"Reality is merely an illusion, albeit a very persistent one... Few are those who see with their own eyes and feel with their own hearts." Albert Einstein
Alpha Cat aka Elizabeth McCullough is re-releasing Alpha Cat’s first full length LP, 2001's Pearl Harbor, in an expanded edition as pearl harbor 2020 on February 17, via Aquamarine Records. The original album was recorded over a two-year span produced by Fred Smith of Television and McCullough. And pearl harbor 2020 also features two additional tracks that had been recorded and produced by Elizabeth at her home in the mid 90’s.
McCullough had this to say about this about the original Pearl Harbor album:
“Let me be clear. Pearl Harbor was a collaboration. It would not be what it is without the participation of the other four members of the original band. And of course, Fred.
The band Alpha Cat came together in a way that can really only be described as magical. Real Boy had just come out, but it needed a real band to play behind it. I met Derek first, in a singing workshop that I decided to take for really no reason at all, except I know now it was to meet him! (NOT to sing the cover of “Hound Dog,” Elvis style, which was my other memory of my participation in that class.) We bonded quickly. I met Nick in an astrology class, who also happened to be a drummer, and he agreed to be in my band. (And anyone who has ever started a band knows that once you have a drummer, the rest is cake.)
The next step was to take out an ad in the Village Voice looking for players for a “dark pop” band. I met Lori at a dive bar in Alphabet City, and we bonded instantly. And she turned out not only to be a consummate musician in general, but a transcendent bass player, whose interpretive work on the songs on Pearl Harbor can only be described as genius. And last but not least, Angela answered the ad. This was a woman with a lot of experience on the road (unlike me) having been a member of the Ordinaires. She added guitar work that I can only describe as utterly unique and ahead of it’s time. With one more place to fill, I asked Derek if he would like to be in the band? And though I asked him to be my back up singer, he really became a co-singer, with a voice way better than mine! He added his own authentic interpretations of the songs, and when I say that I never had to tell him what to sing, that is TRUTH!
So with the name I originally just came up with, Alpha Cat, a band that now had three women and two men, the connotations became clear: obviously female empowerment, but also a valuation of the feminine side of our nature, the intuitive emotional side, over the masculine, the power and control side. Thus the AC motto that Lori termed: “Less cock, more rock!”
As for the album’s theme/journey, this is how I see it now…
What would it take for us to see that the world in which we live is a metaphor for what's going on inside of us? And that our healing, and we all in some way need it (!) requires us to look back at our past in order to heal our future?
The underlying premise behind the writing of the lyrics for the song ‘Pearl Harbor’ was fairly straightforward: if Pearl Harbor was named so before it was bombed, wasn’t it obvious that it was because there were actual pearls in the harbor? And by pondering this, I then posited myself the question: what would it take to get back to a place where Pearl Harbor became once again a place about treasure, rather than destruction? The Alpha Cat song itself, well that process was a bit more complex…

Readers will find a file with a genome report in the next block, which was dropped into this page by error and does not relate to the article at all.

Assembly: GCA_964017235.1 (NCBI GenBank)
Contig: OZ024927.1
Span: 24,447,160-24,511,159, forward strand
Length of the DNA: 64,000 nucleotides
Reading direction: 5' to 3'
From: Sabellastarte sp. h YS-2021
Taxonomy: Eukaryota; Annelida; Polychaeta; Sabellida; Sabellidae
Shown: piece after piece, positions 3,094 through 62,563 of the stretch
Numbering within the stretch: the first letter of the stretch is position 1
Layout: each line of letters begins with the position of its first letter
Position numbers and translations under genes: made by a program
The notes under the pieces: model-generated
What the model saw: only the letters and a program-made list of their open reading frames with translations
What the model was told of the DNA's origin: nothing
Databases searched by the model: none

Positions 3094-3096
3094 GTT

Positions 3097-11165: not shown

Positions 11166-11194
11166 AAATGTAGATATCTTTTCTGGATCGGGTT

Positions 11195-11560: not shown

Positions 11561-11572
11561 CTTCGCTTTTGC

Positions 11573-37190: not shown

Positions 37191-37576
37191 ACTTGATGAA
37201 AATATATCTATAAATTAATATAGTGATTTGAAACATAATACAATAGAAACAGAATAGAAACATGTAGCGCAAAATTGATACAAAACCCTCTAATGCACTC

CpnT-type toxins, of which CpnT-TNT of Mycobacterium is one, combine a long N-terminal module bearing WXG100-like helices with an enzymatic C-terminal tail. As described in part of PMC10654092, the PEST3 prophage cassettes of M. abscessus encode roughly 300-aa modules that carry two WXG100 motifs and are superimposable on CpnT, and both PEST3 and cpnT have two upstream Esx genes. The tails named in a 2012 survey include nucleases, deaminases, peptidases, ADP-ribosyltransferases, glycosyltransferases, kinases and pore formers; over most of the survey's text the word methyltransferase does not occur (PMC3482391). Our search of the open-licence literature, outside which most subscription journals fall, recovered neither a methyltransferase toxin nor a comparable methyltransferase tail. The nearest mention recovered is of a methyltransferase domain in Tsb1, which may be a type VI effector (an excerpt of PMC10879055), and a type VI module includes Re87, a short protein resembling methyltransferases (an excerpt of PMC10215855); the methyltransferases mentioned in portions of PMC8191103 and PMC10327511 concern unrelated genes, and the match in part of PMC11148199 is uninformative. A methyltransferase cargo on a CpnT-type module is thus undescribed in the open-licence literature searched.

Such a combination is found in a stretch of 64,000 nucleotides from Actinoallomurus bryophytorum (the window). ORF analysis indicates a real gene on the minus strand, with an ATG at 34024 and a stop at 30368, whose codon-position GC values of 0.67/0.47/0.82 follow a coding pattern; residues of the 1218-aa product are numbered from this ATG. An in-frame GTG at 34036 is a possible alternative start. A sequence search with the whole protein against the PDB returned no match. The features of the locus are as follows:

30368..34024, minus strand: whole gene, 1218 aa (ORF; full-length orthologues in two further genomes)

The only song I have ever written where the entire musical portion was done well before the song itself took shape is ‘Pearl Harbor.’ In fact, the music was completely written, arranged, and ingrained in my memory two years before there were any lyrics at all. Period.
That is because three events had to take place in my life before I could even have an inkling as to what the words to this mysterious song should be.
First, I had a brief dating experience with another singer-songwriter who had had a big hit in the mid 90’s, whose songwriting I had long admired, and whom I had met before, though at that point when I told him how much I loved his work, he completely blew me off. But for some reason, at a party in lower Manhattan in July of 1999, with Real Boy in the can (self confidence?) and Fred Smith (validity?) at my side, I had suddenly become quite attractive to him. An evening's make-out session led to another date on July 16, (which I remember solely because it was the day JFK Jr. died) a date (!) for which he had to come to Jersey City to meet me at the Sand Bar, (look it up) and we ended up first at my house for food, more of the innocent shenanigans that happened at our last encounter, and then a car ride back to the PATH station, where I had to lend him a dollar for the train (which, though he promised to, he never repaid!) As he kissed me goodnight (goodbye!) we made seemingly concrete plans for the near future. These plans never came to be, and when I confronted him later that year (after event #2, see next) to scold him for his treatment of me, I had to remind him that I was a person, and that he had hurt me. His response: ‘Do you know how many girls I kissed that week?’ Seriously. At least I got quite a few songs out of that close encounter. And also very curiously, he fully believed that his songs were not about him. When they so obviously were! Strange. And he still may…